student vote, they ure usually selected by the
members of each large college or school within
Of the schools used as reference, only Stan
ord picked tribunal members by an all-school
election. At Stanford, women elect five repre
sentatives and men elect five. Two are elected
In the spring and three in the fall by' each
group, so the terms are staggered.
Schools where the student council picks the
tribunals require prospective members to sub
mit petitions or applications. Applicants art then
interviewed " either by the entire council, by
special committee of the council or by a separ
ate all-student committee picked from outside
A few schools have inserted a measure of
faculty control into the selection of their tri
bunals. At Colorado all nominees must be ap
proved by a special faculty committee.
Of all the schools polled by the University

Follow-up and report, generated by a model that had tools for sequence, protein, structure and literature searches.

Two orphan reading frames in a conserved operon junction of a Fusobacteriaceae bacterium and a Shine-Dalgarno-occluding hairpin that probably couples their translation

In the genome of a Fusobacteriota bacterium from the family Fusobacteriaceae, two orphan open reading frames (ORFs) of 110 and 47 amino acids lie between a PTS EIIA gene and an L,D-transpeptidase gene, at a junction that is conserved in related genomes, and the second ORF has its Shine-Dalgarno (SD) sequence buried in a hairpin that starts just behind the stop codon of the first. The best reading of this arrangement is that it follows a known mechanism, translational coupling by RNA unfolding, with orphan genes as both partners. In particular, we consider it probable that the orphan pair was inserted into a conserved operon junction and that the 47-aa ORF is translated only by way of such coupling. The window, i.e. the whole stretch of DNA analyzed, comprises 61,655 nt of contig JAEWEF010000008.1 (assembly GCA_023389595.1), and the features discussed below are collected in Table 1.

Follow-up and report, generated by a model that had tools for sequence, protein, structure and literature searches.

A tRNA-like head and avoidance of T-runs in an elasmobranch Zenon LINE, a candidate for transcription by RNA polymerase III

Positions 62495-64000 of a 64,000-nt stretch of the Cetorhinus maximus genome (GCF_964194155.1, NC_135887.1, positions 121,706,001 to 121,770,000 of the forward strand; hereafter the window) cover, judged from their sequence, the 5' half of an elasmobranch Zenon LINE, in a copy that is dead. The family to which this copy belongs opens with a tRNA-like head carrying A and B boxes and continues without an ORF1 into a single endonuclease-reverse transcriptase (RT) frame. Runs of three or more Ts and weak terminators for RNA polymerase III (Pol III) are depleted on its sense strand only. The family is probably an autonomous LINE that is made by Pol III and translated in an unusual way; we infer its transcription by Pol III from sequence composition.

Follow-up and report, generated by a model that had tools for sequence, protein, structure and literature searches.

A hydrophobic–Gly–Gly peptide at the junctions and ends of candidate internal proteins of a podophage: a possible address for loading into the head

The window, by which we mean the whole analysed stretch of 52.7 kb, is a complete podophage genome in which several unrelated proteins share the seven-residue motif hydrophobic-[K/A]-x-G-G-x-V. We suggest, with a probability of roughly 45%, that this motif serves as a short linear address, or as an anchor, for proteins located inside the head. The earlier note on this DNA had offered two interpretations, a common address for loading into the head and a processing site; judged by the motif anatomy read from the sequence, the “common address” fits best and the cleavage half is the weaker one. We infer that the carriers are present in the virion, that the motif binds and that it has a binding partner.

Student Council on student tribunals, only Kansas
State College has faculty members on their
tribunal. At Kansas State three faculty justices
are appointed by the President.
Almost all the tribunals are authorized to hand
down punishments on infractions of school reg
ulations. These punishments are, of course, sub
ject to appeal to school presidents.
A tribunal at the University could be organized
in one of many ways. The general theme in
other schools indicates that tribunal members
are chosen by the students, either directly or
through their student governing body.
The tribunal is thus incorporated as an ex
tension of student responsibility in governing
themselves. Faculty control would be virtually
absent, other than appeal on decisions already
rendered by the student group.
The student tribunal might or might not be
the thing for the students at this University. At
any rate, it would be a truly representative stu
dent group, serving those who picked it. F. T. D.
Perhaps An Answer
It is about that time of the year again.
The time of the year, that is, that the Univer
sity throws off its academic robes and partakes
in a few fine old unscholarly traditions the
tapping and masking, of Innocents and Mortar
Boards, crWning of the May Queen, presentation
of her court, awarding scholarship and activities